More to honey than money
Manuka is nothing if not adaptable: it grows well on rock faces, in swamps, on dunes and even among Rotorua's hot pools.
But some locations, such as Northland, Waikato and the East Cape, have proven to be much better than others for yielding prized high active manuka honey, commanding a premium in export markets.
For the past four years a consortium of private companies and individuals, bolstered by public money, have been teasing out the factors required to develop the best manuka honey.
Early signs are promising, as high active cultivars planted in different locations have retained their potent properties.
The Manuka Research Partnership (NZ) Ltd., a consortium of Taihape beekepers and lead shareholders Don and Conchita Tweeddale, Comvita, Landcorp, Hawkes Bay Regional Council, Aborex Industries, Nukuhau Carbon Ltd and Maori Trustee Te Tumu Paeroa, has pledged to invest $1.4 million over seven years into the programme. The government, through a Primary Growth Partnership administered by the Ministry for Primary Industries, has promised to invest $1.4m into the project.
The Government, through a Primary Growth Partnership administered by the Ministry for Primary Industries, has promised to invest $1.4m into the project.
It has an ambitious target of increasing the supply of medical- grade manuka honey to lift the value of exports from $75m to $1.2 billion a year by 2028. The Government and private partners have so far spent $400,000 each.
But the plantation project promises more than just a rise in exports. It could be the saviour of thousands of hectares of eroding steep-country farmland.
Manuka could also be planted along riparian strips to revegetate stream sides, again providing a revenue stream to farmers.
Dr Jonathan Stephens, who wrote his PhD thesis on the factors responsible for the varying levels of unique manuka factor (UMFR) in manuka, says the reason some plants are more potent than others relates to genetics and the environment.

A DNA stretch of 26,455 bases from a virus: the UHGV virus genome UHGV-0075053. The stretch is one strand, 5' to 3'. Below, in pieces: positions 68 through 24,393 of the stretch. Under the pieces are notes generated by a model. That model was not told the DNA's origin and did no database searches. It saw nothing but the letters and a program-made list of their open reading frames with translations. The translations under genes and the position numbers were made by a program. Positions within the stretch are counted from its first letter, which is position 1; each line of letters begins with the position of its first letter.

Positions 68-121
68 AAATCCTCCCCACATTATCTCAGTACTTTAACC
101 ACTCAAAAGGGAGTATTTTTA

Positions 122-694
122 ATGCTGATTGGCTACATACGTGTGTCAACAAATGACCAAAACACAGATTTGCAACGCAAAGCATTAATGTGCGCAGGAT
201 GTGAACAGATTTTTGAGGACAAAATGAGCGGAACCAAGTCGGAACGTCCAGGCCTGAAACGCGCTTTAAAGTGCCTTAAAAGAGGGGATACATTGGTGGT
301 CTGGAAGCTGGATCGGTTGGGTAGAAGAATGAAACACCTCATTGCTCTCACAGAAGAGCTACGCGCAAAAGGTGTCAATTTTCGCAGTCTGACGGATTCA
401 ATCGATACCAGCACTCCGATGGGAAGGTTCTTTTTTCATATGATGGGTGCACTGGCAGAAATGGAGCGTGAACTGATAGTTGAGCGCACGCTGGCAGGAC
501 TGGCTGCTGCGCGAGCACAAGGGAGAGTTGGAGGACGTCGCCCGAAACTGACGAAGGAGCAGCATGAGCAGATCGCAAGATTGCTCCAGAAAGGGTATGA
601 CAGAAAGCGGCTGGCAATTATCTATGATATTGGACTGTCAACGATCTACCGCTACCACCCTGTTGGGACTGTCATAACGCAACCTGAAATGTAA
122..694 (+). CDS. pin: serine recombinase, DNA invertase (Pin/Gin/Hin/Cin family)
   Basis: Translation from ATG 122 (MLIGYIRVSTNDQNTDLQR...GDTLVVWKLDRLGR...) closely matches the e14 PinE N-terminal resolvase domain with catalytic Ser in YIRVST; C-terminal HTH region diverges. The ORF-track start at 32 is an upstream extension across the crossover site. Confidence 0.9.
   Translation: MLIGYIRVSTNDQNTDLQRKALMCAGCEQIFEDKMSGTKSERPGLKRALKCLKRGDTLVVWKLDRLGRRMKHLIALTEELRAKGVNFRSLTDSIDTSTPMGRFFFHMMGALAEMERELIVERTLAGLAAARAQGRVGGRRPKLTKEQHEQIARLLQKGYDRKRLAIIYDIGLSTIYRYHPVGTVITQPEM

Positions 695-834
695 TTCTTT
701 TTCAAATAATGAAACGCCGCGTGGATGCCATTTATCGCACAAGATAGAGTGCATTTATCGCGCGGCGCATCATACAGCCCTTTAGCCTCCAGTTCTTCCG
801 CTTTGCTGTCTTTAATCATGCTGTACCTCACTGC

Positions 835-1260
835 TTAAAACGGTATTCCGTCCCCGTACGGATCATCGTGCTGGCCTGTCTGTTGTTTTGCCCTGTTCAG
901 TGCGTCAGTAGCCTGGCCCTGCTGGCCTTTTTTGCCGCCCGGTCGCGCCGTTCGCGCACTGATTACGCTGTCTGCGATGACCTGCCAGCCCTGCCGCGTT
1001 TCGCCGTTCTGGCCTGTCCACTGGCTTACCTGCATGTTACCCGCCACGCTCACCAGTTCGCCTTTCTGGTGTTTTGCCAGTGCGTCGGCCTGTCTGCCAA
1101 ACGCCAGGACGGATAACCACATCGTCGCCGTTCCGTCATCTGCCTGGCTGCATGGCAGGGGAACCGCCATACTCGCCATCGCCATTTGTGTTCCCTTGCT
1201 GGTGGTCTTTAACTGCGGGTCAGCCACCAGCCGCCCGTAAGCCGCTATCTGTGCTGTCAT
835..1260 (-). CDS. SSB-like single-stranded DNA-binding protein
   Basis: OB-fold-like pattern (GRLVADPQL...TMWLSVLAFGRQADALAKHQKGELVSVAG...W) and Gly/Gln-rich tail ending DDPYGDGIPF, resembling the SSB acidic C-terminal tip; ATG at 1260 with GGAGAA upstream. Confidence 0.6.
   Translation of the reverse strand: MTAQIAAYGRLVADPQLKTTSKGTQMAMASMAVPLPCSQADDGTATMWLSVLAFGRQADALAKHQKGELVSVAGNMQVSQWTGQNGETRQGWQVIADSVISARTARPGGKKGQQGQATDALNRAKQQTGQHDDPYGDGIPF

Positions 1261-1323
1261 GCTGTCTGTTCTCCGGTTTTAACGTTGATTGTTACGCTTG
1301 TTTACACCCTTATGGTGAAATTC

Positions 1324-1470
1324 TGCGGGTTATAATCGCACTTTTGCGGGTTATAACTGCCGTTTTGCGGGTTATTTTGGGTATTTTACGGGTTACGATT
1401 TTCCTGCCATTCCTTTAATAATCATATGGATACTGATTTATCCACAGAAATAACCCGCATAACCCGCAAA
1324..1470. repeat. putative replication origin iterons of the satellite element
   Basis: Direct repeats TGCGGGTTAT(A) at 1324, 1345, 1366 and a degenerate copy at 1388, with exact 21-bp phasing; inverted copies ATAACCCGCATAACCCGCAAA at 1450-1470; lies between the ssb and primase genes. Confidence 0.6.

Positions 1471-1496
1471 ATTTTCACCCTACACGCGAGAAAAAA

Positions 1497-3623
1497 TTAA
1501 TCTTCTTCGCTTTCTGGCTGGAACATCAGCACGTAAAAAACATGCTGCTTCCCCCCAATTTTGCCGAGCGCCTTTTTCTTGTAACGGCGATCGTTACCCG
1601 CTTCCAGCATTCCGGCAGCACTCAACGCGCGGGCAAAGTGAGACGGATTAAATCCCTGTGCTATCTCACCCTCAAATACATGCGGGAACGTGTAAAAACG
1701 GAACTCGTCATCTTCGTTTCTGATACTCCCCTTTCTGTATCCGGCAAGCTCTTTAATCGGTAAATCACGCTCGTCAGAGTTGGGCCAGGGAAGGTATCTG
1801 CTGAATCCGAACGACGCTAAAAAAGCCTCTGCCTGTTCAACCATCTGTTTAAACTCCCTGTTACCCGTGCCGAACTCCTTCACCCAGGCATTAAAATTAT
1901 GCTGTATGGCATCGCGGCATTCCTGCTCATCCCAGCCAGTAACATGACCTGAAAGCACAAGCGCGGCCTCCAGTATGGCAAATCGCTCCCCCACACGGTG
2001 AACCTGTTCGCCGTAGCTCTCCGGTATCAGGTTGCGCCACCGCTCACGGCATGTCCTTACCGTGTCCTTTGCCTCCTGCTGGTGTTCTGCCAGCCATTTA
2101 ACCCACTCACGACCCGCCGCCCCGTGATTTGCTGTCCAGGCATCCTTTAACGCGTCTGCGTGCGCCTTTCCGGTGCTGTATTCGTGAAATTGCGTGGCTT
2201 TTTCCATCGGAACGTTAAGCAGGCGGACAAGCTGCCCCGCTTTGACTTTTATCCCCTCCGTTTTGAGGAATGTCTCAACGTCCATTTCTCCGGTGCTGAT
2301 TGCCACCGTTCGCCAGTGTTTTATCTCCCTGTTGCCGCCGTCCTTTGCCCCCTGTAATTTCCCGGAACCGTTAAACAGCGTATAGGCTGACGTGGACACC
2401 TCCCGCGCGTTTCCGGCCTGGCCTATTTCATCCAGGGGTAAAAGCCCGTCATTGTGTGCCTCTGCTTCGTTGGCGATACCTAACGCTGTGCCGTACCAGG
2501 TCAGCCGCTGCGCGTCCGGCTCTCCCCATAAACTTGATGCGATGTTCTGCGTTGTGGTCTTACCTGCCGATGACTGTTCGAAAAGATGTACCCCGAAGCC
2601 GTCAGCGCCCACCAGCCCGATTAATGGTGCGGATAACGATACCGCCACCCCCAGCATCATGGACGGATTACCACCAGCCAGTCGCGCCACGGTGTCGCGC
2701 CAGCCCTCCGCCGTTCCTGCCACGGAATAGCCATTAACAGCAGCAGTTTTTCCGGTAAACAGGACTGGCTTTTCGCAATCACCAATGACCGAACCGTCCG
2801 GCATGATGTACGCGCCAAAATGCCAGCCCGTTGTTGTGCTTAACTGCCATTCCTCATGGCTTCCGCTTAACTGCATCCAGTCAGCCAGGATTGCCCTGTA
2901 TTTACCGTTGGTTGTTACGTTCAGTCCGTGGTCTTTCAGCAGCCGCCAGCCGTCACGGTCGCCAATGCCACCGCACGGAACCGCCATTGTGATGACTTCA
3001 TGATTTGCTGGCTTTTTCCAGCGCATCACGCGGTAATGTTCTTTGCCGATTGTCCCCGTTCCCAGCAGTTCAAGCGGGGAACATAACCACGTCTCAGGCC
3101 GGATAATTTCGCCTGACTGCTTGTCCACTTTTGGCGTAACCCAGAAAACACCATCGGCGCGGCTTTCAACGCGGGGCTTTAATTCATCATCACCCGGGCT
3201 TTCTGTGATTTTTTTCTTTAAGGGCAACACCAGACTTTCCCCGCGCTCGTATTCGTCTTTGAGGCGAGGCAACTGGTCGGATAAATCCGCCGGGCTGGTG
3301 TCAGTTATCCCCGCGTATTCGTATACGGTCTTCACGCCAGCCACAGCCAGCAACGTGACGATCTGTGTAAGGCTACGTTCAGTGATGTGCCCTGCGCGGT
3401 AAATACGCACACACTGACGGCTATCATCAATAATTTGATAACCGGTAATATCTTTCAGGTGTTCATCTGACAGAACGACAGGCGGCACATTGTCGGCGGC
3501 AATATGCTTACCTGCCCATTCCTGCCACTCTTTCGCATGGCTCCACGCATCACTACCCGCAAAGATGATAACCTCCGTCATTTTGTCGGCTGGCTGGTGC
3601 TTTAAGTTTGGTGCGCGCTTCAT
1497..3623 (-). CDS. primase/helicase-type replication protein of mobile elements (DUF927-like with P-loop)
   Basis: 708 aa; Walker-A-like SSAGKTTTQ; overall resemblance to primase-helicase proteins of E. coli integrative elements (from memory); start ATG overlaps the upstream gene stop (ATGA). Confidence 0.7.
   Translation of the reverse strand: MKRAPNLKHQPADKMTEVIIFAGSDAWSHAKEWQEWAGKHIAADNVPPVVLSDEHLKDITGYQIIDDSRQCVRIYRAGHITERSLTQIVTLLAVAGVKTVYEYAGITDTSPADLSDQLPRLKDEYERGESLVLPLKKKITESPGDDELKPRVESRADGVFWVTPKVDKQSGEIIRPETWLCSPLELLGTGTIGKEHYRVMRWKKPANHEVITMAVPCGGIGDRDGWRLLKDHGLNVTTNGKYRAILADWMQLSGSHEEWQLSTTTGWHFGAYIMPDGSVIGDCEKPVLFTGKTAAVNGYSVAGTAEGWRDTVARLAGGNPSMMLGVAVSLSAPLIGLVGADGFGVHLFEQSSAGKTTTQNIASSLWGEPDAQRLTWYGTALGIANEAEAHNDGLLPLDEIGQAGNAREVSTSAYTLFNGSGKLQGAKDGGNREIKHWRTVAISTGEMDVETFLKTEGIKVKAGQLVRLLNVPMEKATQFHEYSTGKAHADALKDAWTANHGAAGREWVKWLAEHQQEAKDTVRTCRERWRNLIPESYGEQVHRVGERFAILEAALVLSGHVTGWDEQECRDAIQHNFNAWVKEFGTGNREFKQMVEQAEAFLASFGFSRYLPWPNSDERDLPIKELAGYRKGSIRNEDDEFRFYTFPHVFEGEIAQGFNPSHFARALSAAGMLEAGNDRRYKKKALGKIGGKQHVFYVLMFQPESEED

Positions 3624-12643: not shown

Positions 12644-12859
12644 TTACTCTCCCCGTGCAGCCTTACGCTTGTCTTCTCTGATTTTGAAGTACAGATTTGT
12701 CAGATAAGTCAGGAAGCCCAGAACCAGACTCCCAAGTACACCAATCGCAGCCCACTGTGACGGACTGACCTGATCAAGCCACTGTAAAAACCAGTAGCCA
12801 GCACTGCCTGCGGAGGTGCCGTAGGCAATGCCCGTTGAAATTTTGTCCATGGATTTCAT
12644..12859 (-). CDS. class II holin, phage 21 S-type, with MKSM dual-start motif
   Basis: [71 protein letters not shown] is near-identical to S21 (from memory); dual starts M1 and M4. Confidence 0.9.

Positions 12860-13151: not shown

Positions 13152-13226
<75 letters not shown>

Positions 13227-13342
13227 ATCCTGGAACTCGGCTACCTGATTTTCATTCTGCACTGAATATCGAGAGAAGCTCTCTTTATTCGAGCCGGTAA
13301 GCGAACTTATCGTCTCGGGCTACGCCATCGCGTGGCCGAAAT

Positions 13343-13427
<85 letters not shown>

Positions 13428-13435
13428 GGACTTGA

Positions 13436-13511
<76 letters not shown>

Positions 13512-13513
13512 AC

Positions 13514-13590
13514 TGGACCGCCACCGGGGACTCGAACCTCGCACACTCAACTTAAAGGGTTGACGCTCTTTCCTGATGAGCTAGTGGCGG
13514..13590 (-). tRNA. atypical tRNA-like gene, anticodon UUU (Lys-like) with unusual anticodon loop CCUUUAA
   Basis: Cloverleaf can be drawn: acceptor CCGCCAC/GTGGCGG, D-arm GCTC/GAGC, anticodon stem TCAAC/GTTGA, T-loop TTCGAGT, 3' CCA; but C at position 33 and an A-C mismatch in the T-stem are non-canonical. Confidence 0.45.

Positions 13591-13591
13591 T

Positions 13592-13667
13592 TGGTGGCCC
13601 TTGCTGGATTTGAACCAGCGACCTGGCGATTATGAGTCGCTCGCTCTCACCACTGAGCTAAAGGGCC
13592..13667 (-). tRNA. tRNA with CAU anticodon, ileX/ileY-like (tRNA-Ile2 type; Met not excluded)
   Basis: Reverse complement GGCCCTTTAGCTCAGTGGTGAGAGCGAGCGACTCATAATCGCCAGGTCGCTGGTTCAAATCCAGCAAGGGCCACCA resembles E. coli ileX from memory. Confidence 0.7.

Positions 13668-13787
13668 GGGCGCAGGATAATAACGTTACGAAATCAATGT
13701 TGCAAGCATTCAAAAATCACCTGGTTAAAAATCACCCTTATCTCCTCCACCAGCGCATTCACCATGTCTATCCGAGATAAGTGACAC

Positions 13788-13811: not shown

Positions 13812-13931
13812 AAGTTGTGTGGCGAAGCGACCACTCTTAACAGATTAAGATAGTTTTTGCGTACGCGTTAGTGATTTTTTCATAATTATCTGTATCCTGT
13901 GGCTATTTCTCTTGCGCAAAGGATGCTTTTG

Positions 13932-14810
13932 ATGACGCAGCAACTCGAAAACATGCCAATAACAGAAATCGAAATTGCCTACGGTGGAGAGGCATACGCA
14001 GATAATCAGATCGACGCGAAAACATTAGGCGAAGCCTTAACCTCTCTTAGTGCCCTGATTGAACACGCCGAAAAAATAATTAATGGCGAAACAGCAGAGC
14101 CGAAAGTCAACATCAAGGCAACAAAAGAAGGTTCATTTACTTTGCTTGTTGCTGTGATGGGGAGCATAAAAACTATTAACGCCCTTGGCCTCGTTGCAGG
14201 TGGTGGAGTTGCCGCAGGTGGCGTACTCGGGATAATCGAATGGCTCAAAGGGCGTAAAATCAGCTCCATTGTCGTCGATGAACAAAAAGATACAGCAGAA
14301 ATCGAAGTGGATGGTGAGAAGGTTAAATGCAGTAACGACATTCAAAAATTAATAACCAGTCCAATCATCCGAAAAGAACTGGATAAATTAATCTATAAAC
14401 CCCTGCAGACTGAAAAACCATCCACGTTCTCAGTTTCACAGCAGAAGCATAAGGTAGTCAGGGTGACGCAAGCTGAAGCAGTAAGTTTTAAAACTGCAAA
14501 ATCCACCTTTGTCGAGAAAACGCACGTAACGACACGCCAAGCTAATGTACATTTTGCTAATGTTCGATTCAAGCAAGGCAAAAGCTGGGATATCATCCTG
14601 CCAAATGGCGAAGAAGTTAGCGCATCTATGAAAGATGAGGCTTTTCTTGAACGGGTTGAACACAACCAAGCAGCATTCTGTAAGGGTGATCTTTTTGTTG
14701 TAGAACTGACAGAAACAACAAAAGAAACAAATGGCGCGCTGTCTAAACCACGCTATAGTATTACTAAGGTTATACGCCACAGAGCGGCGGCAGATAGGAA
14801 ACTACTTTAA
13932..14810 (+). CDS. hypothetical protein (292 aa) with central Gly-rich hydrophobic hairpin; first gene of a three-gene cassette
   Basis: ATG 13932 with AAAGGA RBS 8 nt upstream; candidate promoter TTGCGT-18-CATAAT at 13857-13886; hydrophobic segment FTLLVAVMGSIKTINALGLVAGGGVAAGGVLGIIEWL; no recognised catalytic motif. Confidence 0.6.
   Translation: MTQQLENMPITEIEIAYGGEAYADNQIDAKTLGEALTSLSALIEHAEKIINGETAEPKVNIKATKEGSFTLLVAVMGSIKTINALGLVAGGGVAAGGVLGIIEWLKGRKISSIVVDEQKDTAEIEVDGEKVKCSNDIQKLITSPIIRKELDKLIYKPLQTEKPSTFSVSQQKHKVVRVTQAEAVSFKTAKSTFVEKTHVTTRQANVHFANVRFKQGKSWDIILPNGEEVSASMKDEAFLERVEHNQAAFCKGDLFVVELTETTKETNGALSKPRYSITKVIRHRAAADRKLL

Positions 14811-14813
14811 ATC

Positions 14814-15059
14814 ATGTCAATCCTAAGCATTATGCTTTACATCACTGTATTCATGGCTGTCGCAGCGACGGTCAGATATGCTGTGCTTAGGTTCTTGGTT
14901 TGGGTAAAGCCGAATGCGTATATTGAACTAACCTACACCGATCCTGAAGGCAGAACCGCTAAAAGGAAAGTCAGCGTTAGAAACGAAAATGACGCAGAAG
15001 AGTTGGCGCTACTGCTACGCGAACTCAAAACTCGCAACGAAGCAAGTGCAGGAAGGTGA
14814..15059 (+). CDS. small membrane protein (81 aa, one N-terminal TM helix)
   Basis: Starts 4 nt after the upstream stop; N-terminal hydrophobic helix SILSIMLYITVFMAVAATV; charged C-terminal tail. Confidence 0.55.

"In some parts of the country, like Northland, the variety of manuka (Leptospermum incanum) has a high UMF. But areas there are also virtual monocultures of manuka, so the bees are not sourcing nectar from any other plants. Therefore, the concentration of manuka nectar is very high in the honey," Stephens says.
Now the principal researcher for Comvita, Stephens has been raising special manuka cultivars since 2006, with the intention of creating plantations. The company has planted out 700 hectares in 25 areas nationwide.
While Comvita was independently doing its own research, former dairy industry researcher and Taranaki regional councillor Neil Walker had been thinking along the same lines. He saw the opportunity early on for manuka to be planted on eroding hill country.
"We are talking about the idea of manuka as a crop, not as scattered bits here or there. We're talking about class 6 and 7 land which is basically useless [for farming]," says Walker.
Working with Taihape beekeeper Don Tweeddale a few years ago, Walker was given an object lesson in the potential value of manuka. Through his company Nukuhau Carbon, he had bought 200ha of marginal Taranaki hill country containing some manuka, and got Tweeddale to place some hives on it.
"I bought 200ha of a collapsing sheep farm on which he put 85 beehives, and it produced almost five tonnes of honey. Don gave me $4000 for it, which he said he would be selling for $63,000 but if it had been high active manuka honey he would be selling it for $200,000," Walker said.